Well now I feel dumb. The answer was staring me in the face all this time. The two options are 100kw or 150kw(AWD). The FWD is 100kw and on a 400kw battery that will lend you a 400 mile range. The AWD is 150kw and on a 400kw battery that will lend you a 266 range as you stated. Take that a step further the solar cells charge 4kw in a day, or 40 miles gained in a day. If you have the AWD however you will only gain 26 miles in a day on that same 4kw charge. I guess that answers my question! My average daily commute isn’t all that much, but I would hate to take that big a hit on efficiency just to be able to ‘smoke’ practically any car on the road (pun intended).

That’s not how power and capacity works…
The battery is 40 kwh – Kilowatthours.
The motor’s peak power is 100 or 150 kw – Kilowatts.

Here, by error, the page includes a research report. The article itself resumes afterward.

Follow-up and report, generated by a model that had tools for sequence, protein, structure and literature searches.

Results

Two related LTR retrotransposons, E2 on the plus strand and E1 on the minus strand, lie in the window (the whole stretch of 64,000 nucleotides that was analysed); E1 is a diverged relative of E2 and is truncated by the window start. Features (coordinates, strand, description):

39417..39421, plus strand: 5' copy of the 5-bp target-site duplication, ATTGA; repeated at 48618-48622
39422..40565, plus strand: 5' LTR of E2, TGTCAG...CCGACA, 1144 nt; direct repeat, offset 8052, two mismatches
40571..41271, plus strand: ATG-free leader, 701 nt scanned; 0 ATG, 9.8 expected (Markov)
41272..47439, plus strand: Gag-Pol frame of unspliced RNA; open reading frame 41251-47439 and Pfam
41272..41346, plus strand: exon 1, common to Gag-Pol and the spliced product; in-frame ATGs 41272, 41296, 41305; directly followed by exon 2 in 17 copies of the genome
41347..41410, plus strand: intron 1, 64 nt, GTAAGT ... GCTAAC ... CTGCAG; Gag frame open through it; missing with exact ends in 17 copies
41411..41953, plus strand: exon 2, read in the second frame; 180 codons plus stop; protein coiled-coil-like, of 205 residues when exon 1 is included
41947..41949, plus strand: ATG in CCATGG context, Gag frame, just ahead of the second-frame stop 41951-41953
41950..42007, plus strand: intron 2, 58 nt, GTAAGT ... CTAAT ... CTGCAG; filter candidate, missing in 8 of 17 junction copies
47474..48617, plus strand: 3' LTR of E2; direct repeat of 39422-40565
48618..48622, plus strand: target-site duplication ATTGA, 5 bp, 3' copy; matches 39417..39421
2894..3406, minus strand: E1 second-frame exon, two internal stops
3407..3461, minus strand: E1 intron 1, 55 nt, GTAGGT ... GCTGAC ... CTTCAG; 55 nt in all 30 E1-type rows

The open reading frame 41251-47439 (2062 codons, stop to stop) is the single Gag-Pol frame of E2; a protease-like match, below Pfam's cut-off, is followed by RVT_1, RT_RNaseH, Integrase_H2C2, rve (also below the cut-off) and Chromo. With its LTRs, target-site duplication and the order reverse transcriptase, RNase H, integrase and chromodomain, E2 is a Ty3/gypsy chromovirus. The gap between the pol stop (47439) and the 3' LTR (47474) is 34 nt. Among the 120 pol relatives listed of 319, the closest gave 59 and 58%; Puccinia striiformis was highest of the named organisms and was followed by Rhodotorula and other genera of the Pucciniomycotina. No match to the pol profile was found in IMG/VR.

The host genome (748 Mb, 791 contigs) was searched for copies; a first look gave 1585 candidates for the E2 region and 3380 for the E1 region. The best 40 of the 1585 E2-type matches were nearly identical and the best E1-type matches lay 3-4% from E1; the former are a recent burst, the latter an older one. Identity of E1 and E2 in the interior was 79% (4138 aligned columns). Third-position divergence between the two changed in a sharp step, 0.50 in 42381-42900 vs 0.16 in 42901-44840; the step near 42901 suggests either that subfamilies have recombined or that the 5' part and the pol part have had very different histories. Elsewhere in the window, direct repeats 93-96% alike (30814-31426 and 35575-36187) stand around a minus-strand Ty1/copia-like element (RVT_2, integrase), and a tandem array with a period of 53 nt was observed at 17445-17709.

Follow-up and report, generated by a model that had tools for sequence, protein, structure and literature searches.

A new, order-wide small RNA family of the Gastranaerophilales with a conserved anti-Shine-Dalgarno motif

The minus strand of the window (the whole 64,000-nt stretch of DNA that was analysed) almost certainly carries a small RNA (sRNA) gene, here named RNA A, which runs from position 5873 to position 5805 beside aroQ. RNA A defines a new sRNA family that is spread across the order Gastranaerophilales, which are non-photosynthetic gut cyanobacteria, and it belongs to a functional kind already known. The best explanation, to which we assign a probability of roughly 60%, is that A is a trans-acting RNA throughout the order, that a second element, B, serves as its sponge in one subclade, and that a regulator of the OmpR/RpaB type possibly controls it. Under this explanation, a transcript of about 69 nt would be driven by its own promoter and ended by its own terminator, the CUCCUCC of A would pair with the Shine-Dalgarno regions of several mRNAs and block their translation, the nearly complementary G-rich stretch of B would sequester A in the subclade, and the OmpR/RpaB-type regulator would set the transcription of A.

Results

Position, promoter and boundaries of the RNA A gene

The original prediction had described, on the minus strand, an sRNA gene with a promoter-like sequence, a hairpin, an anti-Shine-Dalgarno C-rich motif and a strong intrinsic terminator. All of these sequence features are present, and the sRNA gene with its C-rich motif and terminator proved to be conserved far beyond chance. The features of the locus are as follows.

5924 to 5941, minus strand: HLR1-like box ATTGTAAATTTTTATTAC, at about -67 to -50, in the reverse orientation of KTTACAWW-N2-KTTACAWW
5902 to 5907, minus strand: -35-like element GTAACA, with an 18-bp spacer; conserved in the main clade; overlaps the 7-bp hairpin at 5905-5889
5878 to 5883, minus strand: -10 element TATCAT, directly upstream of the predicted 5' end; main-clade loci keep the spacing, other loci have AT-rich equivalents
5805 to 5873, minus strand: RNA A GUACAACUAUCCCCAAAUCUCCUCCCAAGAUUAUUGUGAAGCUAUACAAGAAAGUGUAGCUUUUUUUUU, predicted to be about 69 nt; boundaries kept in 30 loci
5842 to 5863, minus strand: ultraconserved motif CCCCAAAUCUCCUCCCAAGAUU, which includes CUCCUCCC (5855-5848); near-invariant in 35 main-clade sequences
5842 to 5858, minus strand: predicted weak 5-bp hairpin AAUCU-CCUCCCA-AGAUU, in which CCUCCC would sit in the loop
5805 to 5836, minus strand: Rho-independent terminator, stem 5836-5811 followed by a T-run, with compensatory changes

That doesn’t mean that’s how much power it uses all the time, that’s only when you floor it.
If you have a 40 kwh battery pack and you somehow floored it until the battery died, it would run out in .4 hours with FWD and .26 hours with AWD.
When just driving along, the FWD version will use about 10kw and the AWD version would use about 11kw to keep rolling along at highway speeds. Unless you step on it then it can go up to 100 or 150 kw for a few seconds.
The solar produces 700W or 0.7KW of power (max). In a day this produces about 4 KWH of energy because it doesn’t work at full energy all the time. If you go 10 miles for each kilowatthour (kwh) that’s 40 miles.
Kilowatt – KW : Power, like horsepower
Kilowatthour – KWH : Energy stored, like gallons of gasoline.
Running a motor at 1kw for 5 hours consumes 5 kwh. Running a motor at 3kw for 1 hour consumes 3 kwh, etc.

Thanks Peter, that was a great explanation. I kind of started thinking like that too right after I replied. But kept my mouth shut because I knew someone would explain it much better. (Cunningham’s law). I’m hoping that the designers/engineers will provide better estimations as we get closer to the actual production date. Perhaps even actual realworldtestedresults.